MiMo Design Inspiration

A new project for a young family in Miami Beach has me drawing from 1950’s MiMo (“Miami Modern”) architecture for inspiration. Last Friday I dined at the Fontainebleau (and spent a solid 15 min admiring the lobby with it’s winding staircase to nowhere and bow-tie floors while my husband got the car) and coincidently had breakfast in the North Biscayne MiMo District on Sunday (near my favorite car wash in town, Karma). Both outings had me appreciating the surrounding architecture in their 20th and 21st century versions. I realized the MiMo spirit lives on in Miami as architects and designers continue to draw from…

The Magical Alhambra in Granada

Precedents, vol.1 It was first year, first week of studio, when my professor suggested I research the Alhambra in Granada, Spain. Off I went to the silent Richter stacks to begin an exercise that would lead me, four years later, to the actual orange courtyards of Andalusia. I didn’t know then, but I was to soon fall in love with the romanticism of this place and the past it represented. Of course, the illustrations I found from numerous 19th century Orientalists didn’t help at all! These artists depicted exotic (and at times erotic) notions of what life would have been…

ALVARO SIZA: Iberian minimalism

Designer Feature vol. 5 I love the work of Siza. His projects arise as natural reactions to the physical, cultural, and, I could almost say, spiritual environment which they inhabit. He masterfully blends *vernacular architecture with minimalism to create poetic references to place while exploring issues of form and space. When I think of Siza’s work I always imagine these large spans of white-washed walls or these intricate plans where every turn and edge has been thought out. That’s part of his genius – being able to work from the largest scale of the site plan to the minute details of…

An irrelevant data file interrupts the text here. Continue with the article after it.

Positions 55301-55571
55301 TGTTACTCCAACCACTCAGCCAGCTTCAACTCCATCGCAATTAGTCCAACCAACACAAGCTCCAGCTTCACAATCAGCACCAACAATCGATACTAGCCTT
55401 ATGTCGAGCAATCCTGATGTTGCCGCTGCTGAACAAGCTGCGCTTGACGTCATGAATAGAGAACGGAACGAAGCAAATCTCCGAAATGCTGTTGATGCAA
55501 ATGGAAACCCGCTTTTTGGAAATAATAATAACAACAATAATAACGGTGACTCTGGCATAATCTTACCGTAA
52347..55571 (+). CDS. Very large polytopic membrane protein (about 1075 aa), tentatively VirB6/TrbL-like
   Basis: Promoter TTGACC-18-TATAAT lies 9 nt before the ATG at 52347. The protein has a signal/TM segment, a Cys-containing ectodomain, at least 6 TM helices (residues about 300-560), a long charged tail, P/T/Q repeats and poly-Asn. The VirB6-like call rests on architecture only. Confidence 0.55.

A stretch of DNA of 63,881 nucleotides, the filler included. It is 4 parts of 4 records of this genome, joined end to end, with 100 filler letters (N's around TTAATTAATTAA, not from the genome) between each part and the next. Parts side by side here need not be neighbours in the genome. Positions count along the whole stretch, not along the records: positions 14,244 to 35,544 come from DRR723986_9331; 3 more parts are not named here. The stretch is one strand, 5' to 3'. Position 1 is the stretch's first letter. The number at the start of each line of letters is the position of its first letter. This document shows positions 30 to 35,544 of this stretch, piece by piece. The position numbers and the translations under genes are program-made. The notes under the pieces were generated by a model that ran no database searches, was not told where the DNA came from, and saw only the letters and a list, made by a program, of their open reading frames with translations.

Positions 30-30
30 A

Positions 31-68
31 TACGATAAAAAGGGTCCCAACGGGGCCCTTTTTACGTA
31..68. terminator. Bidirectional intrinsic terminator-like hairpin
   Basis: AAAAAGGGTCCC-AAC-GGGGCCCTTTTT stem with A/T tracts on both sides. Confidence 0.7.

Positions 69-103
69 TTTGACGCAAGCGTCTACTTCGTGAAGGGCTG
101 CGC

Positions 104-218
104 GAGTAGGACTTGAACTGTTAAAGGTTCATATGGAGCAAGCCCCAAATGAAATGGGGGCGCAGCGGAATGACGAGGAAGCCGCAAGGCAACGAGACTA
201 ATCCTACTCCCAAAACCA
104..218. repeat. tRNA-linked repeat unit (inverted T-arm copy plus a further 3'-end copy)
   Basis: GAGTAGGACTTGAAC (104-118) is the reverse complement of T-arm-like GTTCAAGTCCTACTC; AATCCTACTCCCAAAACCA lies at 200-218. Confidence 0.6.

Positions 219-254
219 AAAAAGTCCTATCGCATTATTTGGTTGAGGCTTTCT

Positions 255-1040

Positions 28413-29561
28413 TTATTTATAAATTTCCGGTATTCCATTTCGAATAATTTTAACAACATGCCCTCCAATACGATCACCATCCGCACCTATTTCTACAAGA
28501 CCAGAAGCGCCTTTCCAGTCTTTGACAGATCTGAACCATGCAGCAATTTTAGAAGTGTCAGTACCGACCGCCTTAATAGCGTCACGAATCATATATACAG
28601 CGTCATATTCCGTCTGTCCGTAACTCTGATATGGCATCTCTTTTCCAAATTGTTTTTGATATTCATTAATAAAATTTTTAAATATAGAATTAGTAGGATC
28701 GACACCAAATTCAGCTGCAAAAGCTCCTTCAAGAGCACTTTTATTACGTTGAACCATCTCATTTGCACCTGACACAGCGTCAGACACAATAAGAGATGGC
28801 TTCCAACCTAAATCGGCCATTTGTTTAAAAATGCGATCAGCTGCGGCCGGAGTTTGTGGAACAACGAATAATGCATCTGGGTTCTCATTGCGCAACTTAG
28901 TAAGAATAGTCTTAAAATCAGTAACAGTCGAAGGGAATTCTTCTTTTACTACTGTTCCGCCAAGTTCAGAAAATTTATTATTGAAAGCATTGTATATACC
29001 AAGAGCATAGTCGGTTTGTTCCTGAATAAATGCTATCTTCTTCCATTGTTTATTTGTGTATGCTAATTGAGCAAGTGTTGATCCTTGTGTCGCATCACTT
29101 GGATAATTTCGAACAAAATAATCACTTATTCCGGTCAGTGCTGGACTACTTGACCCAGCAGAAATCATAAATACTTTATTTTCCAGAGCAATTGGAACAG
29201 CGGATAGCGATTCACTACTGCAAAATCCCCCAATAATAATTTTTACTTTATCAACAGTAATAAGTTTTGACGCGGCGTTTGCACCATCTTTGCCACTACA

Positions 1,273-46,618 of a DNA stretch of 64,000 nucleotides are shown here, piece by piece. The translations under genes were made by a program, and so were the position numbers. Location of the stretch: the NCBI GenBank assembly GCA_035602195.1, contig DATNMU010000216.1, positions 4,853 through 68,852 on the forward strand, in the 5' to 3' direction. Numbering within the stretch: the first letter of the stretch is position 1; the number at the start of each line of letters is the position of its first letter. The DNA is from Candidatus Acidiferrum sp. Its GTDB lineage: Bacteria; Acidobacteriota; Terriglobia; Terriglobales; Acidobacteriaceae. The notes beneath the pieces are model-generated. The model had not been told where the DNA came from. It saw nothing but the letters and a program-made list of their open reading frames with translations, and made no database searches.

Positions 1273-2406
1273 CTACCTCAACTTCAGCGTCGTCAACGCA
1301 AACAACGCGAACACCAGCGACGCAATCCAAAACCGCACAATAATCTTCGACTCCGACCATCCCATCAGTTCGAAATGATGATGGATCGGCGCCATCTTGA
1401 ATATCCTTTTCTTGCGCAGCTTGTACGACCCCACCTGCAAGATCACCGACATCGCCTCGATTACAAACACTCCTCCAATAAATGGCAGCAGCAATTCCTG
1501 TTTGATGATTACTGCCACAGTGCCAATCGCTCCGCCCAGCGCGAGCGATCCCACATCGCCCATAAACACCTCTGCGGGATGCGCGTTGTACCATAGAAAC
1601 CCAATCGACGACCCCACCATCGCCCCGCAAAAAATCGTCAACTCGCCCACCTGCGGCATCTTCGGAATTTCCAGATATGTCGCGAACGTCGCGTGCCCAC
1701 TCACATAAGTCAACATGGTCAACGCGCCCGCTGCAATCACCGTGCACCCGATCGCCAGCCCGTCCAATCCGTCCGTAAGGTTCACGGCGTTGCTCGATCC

The Case Study Houses

In post-war Southern California the residential housing boom inspired a group of prominent architects sponsored by Arts and Architecture Magazine to tackle what they saw as the current issues in the typical American home. Each architect was to deal with one of these problems and resolve it in the best way they saw fit using materials and methods that would be readily available and easily duplicated. The program that was to be known as the Case Study Houses ran from 1945 up until 1966. The group of architects included many of the big names of Mid-Century Modern design. These included…

GIO PONTI: The 20th Century’s Renaissance Man

Designer Feature, vol. 4 When you think renaissance man in the world of design Gio Ponti is your guy. This man was a painter, an industrial and furniture designer, an architect and the editor and founder of the quintessential Domus (1928) and Stile magazines. Born and raised in Milan, Ponti was an advent propagandist for the love of architecture and design which he wrote of in his 1957 collection of essays Amate l’Architettura (published in english as In Praise of Architecture). Ponti utilized Domus to openly explore diverse topics of his concern and express his personal views all the while maintaining a…

CARLO SCARPA

Designer Feature vol. 3 (Venice 1906 – 1978 Japan) Carlo Scarpa is the architect that made me want to be an interior designer. The Italian master draws me in (every time) with his use of materials and a truly meticulous attention to detail. Every corner, every connection is resolved with the utmost sensibility. This of course means Scarpa did not leave behind an encyclopedia of projects. The ones he did however, are true jewels. In his work he would blend brass with limestone and stucco and brick. He would play with precedents of geometry such as circular Chinese openings in garden walls and corbeled pyramids…